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Int J Rehabil Res. 1997 Sep;20(3):255-73.

Vocational perspectives and neuromuscular disorders.

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NIATNO, Amsterdam, The Netherlands.


The present study analyses the actual occupational situation, vocational handicaps and past labour career of a group of about 1000 Dutch patients suffering from a neuromuscular disorder (NMD). On the basis of the likelihood of a substantial employment history and sufficient numbers of patients, four types of NMD were selected: dystrophia myotonica (DM), hereditary motor and sensory neuropathy, (HMSN), spinal muscular atrophy (SMA) and myasthenia gravis (MG). Results show that a labour career is in reach of most NMD patients, even for those with severe limitations. It is concluded that physical limitations seem not to be decisive in that respect. The loss of the quality of communication, the loss of mental abilities and the effect of the diseases on the facial expression, as with some DM patients, are also important for chances on the labour market. Though the labour participation of NMD patients tends to decrease after the age of 34, the availability of work adaptations makes it possible to prolong the labour career. Analysis of the actual work situation of NMD patients shows that both disorder-related limitations and work characteristics play an important role in the amount of physical work problems encountered. It is argued that physical labour has to be regarded as generally unsuitable for NMD patients. This has implications for the sort and level of education to be attained by NMD patients. Career counselling as a focus point for the choice of an educational programme may improve labour market opportunities as well as quality of employment of NMD patients. Allowing for and accepting the possible effects of the disorder in the work situation are considered to be important in respect to labour participation and work satisfaction of workers with NMD. Reducing time pressure demands and increasing the freedom to organize one's work, are measures to be given especial consideration.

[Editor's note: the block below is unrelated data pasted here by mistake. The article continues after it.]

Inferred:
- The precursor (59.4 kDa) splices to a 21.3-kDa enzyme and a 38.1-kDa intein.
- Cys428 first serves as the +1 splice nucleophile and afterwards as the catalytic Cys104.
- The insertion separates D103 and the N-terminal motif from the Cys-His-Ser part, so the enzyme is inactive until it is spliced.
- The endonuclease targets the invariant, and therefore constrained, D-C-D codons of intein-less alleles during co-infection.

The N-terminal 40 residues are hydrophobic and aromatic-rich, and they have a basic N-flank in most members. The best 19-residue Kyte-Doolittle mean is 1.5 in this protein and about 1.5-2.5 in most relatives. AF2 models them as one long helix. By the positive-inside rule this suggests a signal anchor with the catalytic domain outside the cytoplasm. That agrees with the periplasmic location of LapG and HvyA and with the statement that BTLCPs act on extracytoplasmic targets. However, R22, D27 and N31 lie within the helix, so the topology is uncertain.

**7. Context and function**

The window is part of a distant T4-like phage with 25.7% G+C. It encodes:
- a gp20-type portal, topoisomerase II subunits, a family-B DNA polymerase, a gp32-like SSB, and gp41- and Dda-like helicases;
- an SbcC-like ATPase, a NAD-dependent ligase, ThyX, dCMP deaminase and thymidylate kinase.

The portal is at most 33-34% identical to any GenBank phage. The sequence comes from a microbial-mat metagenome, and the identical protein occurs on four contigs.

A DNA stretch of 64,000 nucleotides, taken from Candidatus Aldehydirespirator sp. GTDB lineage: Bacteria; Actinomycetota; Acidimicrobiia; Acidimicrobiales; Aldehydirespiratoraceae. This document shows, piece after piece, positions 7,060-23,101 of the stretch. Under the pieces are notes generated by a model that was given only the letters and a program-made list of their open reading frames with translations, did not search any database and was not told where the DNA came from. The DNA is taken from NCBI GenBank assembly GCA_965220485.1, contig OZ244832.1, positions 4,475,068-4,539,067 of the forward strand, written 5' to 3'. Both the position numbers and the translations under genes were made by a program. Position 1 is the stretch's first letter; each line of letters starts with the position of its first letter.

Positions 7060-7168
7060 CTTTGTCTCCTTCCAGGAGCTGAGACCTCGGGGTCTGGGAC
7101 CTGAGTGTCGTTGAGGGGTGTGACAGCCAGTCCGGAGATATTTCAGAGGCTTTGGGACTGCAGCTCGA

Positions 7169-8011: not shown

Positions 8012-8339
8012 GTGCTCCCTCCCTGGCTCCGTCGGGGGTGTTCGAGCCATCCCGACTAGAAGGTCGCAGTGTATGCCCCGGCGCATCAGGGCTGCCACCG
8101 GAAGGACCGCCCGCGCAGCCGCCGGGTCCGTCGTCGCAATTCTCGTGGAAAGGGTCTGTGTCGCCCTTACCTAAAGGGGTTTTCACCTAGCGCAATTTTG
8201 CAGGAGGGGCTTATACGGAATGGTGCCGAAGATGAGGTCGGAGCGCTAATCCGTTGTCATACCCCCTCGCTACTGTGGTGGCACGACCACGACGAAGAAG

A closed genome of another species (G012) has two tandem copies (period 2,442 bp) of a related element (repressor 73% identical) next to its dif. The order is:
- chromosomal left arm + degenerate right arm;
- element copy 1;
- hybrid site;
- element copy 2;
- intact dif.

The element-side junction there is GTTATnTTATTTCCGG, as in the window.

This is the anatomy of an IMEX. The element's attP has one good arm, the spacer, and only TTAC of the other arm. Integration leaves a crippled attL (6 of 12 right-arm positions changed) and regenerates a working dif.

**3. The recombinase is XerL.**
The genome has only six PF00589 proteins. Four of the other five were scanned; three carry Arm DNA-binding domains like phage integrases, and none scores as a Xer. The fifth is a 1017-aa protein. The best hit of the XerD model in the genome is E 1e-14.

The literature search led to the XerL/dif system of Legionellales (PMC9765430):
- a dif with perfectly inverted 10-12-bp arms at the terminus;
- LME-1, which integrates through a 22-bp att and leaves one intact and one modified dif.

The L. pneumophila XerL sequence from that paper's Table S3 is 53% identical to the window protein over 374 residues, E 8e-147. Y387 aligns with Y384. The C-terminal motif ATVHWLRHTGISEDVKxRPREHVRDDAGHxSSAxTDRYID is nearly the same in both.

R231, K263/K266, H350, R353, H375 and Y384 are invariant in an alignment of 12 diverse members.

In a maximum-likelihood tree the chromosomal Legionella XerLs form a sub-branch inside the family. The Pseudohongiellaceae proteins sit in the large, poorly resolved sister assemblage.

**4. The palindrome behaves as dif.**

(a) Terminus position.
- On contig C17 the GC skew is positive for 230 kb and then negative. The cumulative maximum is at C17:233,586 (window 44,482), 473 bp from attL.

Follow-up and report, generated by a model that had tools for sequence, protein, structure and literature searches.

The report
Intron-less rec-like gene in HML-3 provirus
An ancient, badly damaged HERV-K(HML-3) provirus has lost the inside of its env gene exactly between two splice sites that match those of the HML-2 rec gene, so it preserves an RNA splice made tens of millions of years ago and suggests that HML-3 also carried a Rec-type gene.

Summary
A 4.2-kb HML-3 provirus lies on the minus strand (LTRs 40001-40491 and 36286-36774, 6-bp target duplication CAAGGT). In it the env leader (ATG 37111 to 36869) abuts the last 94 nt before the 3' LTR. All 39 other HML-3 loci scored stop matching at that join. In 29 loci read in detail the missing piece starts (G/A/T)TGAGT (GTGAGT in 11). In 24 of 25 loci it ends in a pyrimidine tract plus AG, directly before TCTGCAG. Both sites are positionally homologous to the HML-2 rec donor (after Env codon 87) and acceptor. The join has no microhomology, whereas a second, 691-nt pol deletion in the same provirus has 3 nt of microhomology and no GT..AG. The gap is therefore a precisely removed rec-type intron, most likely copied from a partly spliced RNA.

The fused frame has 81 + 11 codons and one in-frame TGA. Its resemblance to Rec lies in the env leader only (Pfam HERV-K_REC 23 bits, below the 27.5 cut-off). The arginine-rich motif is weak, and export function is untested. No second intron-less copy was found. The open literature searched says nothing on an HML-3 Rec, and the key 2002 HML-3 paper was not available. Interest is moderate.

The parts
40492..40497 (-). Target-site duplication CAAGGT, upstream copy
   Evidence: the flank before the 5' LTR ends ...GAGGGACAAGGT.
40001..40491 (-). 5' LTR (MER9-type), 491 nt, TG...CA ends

[Indexed for MEDLINE]

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